1959 | B&W | 74min.
Starring: Don Sullivan, Fred Graham, Lisa Simone, Shug Fisher, Bob Thompson, Janice Stone, Ken Knox, Gay McLendon, Don Flournoy, Cecil Hunt, Stormy Meadows, Howard Ware, Pat Reeves, Jan McLendon.
Directed By: Ray Kellogg
The fifties were a dangerous time to be an American. There was the ever-present threat of nuclear annihilation hanging over your head; Communists lurking around every corner, waiting to hand out poorly-copied literature on the glory of the people’s revolution; Jerry Lewis was churning out films with alarming regularity, and as if that wasn’t enough to get you down, there were hordes of giant, irradiated wildlife roaming free. Giant bugs, overgrown reptiles, and even amazing colossal men and women stalked the fertile plains our great country, snacking on our dimwitted teenage populace.
How was one to fight this onslaught of colossal irradiated freaks? Well, in Japan the solution usually involved a small child in upsetting shorts. Here in America however, the responsibility usually rested upon the shoulders of our teenagers. Just one of those little cultural differences, I suppose.
This is certainly the case in The Giant Gila Monster. Our hero, Chase Winstead (Don Sullivan) is one of those intrepid teenagers. Chase is a renaissance man of sorts–a hot-rodding, lizard-fighting, grease monkey version of Elvis. When he’s not busy pestering Old Man Harris (Shug Fisher) about his old Model A, making out with his French girlfriend, singing annoying pop songs, or committing insurance fraud with the help of the town Sheriff (Fred Graham), Chase somehow finds the time to fight one big-ass gila monster.
Wait, maybe I’m getting a little ahead of myself. You may be surprised to learn that this film, The Giant Gila Monster, features a giant gila monster. I’m sure this comes as a shock to those of you who were expecting a rather large gecko, an anole with a glandular problem, or perhaps a gargantuan tree frog. You would think coming out and calling your movie, The Giant Gila Monster, would kind of ruin the suspense, but director Ray Kellogg and producer Ken Curtis did the exact same thing with The Giant Gila Monster’s sister film, The Killer Shrews, which, as you may have already guessed, features killer shrews.
Regardless of this somewhat anticlimactic title, the fact remains that this freakish gila monster somehow managed to go unnoticed long enough to grow to the size of a city bus. Tired of eating a metric ton of insects everyday, the newly-embiggened lizard decides to start feasting on the unsuspecting people of the nearby town. Eventually the Sheriff and Chase figure out what’s going on and decide to put a stop to it.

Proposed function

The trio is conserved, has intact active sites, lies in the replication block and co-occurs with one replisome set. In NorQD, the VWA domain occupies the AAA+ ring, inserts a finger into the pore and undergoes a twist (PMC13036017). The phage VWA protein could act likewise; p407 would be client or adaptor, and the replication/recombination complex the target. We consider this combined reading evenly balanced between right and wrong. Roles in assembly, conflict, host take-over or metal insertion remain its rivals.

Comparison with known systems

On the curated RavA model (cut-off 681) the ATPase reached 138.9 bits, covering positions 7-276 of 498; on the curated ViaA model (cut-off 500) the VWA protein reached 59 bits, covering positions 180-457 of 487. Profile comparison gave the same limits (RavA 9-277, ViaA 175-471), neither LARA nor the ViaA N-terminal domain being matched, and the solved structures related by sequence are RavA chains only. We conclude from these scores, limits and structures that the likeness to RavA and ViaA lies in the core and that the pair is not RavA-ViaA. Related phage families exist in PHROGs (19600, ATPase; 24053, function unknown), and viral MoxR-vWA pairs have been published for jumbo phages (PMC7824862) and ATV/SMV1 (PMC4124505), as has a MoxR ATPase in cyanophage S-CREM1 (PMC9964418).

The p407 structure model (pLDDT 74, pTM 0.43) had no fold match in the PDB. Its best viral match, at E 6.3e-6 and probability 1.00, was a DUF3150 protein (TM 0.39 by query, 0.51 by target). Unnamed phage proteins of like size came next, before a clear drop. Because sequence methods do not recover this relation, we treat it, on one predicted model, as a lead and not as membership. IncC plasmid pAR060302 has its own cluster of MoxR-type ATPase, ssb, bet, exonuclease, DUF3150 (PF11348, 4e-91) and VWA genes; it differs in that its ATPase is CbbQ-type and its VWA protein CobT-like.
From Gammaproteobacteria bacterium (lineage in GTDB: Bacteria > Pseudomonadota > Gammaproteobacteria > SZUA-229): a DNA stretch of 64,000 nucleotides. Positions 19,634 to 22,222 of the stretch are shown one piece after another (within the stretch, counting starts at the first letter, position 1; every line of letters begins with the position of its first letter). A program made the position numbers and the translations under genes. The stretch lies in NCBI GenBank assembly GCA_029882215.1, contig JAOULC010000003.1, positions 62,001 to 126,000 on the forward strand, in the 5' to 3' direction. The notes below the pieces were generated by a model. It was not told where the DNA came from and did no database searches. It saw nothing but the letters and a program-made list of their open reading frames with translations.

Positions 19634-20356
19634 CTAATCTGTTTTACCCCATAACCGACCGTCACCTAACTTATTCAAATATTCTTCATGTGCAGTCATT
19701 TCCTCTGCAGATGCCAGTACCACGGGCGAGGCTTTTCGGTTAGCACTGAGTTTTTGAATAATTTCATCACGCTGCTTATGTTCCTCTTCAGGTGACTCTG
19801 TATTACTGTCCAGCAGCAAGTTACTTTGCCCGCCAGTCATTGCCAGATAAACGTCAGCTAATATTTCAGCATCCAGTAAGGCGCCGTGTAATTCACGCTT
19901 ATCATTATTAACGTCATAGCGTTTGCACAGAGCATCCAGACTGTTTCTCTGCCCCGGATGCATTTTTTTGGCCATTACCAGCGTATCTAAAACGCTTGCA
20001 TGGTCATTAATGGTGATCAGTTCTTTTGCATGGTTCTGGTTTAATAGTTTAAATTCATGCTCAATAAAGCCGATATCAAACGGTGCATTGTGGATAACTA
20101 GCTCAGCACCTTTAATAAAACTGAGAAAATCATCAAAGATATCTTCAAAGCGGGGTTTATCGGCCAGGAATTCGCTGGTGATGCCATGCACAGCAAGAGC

The Giant Gila Monster may, on the surface, appear to be a very typical 50’s drive-in monster flick, and in many ways it is. It features the typical low budget special effects, barren sets, and corny dialog that you would expect from a movie of this type. However it does stand out from its peers in several ways. Of course the teen hero was nothing new, but the way the Sheriff is portrayed is quite atypical for the genre. Instead of being the stereotypical, crotchety authority figure who doubts everything the the teen hero has to say, even to the point of suspecting the teens of being the real cause of all the trouble, the Sheriff in this film not only respects Chase and his friends, but he even goes so far as to defend Chase when others put him down.
But the thing which stands out the most about The Giant Gila Monster for me, and what makes it one of my personal favorites, is the fact that the monster in the film was simply the product of abnormal natural circumstances. Typically the origins of these monsters are rooted in some man-made mistake, such as a scientific experiment gone wrong, excessive pollution, or some other example of the evils of man’s supposed hubris. The underlying ideology behind this anti-progress message is something to which I am diametrically opposed and I find it to be a very tiring aspect of far too many movies. Its absence in this film was certainly a welcome change of pace from the usual, “My God, look what man has done!” approach.
Reviewed by Derek Miller
Posted November 21, 2008
In this clip we get to enjoy one of Chase’s songs. Be careful, once “The Mushroom Song” enters your head, it may never leave.